AMS/NOS Energy Drink Hill Climb EVO takes 1st in class at Land’s End Hill Climb

Anxious to bounce back from Pikes Peak, after a few days rest, I set out to change the NOS Energy Drink / AMS Performance Hillclimb Evo back to rally trim. The DHP splitter was removed in favor of a heavy 1/4″ aluminum skid plate, Seibon Carbon fenders came off for the OEM metal ones, and the OEM Brembos were removed for the AMS rally brake kit so we could fit 15″ wheels back on the car.

Pleased with the power delivery of our setup at 9,000-14,000 feet, I figured since we were racing at even lower altitudes, lag would be even less of an issue. I looked at some on-board footage of the car, and it was very clear that the Forced Performance HTA35R turbo gave us a much wider powerband than the TR30R. Martin sent me an updated map with revised boost control settings so I wouldn’t overboost, and with the narrower tires, we figured a conservative 28psi would do the trick. The big question in my mind was, how much power is too much?

Friday afternoon we had our car on display with several other Colorado Rally Cup competitors at the Subaru Dealership in Grand Junction. The guys from NOS Energy Drink in Denver hooked us up with a cases & cases of NOS to keep people cool.

The forecast for the weekend was hot hot hot, with temps in the mid 90s both days. As some of you may remember from our PPIHC writeups, we are currently running a CBRD slim radiator, which works well, but wasn’t designed with long distance racing in mind. I spent several hours revamping the ducting for the radiator and IC in hopes that we might stave off overheating issues.

For our first run I decided to try out a set of Hankook rally tires that were designed for abrasive gravel. The road looked to be really fast, but the tires just didn’t hook the way I was hoping they would. Knowing that the conditions usually change drastically as loose crap is flung off the racing line, I figured I’d give the tires one more shot. We ended up running a 5:07.47, which put us in the top qualifier spot with a margin of over ~11 seconds. Still unsure of the tires, I decided to try out the Kumho rain tires we used at Pikes Peak. Running these tires carried a big risk, as we’d be running 17″ wheels with low profile tires on a road strewn with rocks. Unfortunately, delays were the theme of the day, with many people having issues on course, which unfortunately held the rally classes to just two practice runs.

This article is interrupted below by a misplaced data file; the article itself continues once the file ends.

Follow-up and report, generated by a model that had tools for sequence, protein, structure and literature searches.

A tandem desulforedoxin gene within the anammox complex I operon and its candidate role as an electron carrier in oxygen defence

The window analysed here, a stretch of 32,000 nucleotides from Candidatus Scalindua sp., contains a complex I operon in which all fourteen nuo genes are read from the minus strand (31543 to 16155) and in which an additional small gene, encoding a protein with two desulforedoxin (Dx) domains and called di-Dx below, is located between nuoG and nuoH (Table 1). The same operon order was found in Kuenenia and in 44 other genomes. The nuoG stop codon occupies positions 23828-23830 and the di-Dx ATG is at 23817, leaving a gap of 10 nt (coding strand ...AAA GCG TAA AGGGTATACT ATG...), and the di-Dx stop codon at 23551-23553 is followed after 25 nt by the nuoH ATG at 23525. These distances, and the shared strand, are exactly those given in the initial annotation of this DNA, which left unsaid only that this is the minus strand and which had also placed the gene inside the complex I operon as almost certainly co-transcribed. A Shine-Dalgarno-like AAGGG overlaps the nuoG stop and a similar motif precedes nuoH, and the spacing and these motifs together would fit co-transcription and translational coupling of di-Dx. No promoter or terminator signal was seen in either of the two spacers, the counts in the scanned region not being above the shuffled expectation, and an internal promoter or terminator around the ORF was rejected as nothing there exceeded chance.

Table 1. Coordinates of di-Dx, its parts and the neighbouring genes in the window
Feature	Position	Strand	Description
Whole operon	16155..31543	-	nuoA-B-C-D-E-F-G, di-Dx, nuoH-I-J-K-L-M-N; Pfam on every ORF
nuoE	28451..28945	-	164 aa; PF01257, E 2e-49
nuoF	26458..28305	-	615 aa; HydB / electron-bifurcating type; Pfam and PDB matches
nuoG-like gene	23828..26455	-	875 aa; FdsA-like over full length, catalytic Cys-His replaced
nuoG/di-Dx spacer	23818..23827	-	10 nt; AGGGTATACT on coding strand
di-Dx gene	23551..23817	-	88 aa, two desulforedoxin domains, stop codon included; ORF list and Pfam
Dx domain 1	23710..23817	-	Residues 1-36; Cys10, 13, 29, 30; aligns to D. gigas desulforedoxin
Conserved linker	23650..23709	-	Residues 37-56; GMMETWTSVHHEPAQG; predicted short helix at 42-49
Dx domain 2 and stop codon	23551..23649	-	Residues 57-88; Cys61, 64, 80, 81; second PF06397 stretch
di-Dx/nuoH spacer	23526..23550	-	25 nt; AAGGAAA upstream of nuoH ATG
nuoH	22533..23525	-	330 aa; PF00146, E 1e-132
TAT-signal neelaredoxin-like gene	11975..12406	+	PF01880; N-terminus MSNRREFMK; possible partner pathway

After racing concluded on Saturday, we sat around trying to decide what tires to run on Sunday. We had packed an amazing amount of rubber into our truck for the weekend:

4 Hankook 204
4 Yokohama A036
4 BFGoodrich Rally Tires
6 Kumho W710

The lazy in me decided that since we had two runs on race day, we should just stick with the Kumho rains that we had wanted to try on practice day. This carried a big risk of getting a flat, so I had to adjust my driving style considerably. Gone were the big sideways slides, and I was keeping an eye out for rocks. The grip we found with these tires was better, but I could feel the time ticking away in my head as we rounded many of the hairpin turns, and cornes with nice ditches. By the time we reached the top the temp needle was just under the high limit on the factory gauge, but with water sprayers, temps came down nice and quick.

After returning to the pits, I did a quick inspection of the wheels & tires, and found that the tread was nearly gone on both rear tires, a sidewall had a flap in it, one rim had a 4″ crack in the lip, and a dime sized gouge was in another. No way I’d risk driving on these again. We had run a 5:02.98, upping our lead over 2nd place to ~12 seconds.

So, it was back to tire decision time again, and this time my choices were down to the Hankooks or the Yokohamas. Since I didn’t get a practice run on the Yokos, I went back to the ‘kooks. At the startline we decided it was time to go for it, knowing that our record from last year was still 10 seconds below the time we had just run. I planned to get into the ditches and drive aggressively like we did when we set the record in 2008. Off the startline we got moving quickly, and jumped into the ditch to get the extra hook around the corner, then really started picking up speed on the next sweeper. Unfortunately, with the extra cornering speed came the need for extra braking zone and I simply didn’t get on the binders soon enough.

At my first press of the brakes, the tires just skidded, so I started to look for options. If I attempted the corner and didn’t make it, we’d head into a ditch sideways, likely causing a partial rollover. If I straightened it out, we’d go into the ditch straight on. I chose the safer route, straightened the car out and went for another press of the brakes. By the time we left the road we were probably only going 10-15mph. After the hit, the car was still running so I backed up onto the road and headed up to the next corner. I gave it some gas, but it was clear we had mangled an IC pipe, so I pulled off in a safe spot.

So, to wrap up, it was a good weekend in that we walked away with a class win, but also a bit of a dissappointment as we were unable to break a record. I’ll try to get pics up over the next couple of days, and should have some video to post as well.

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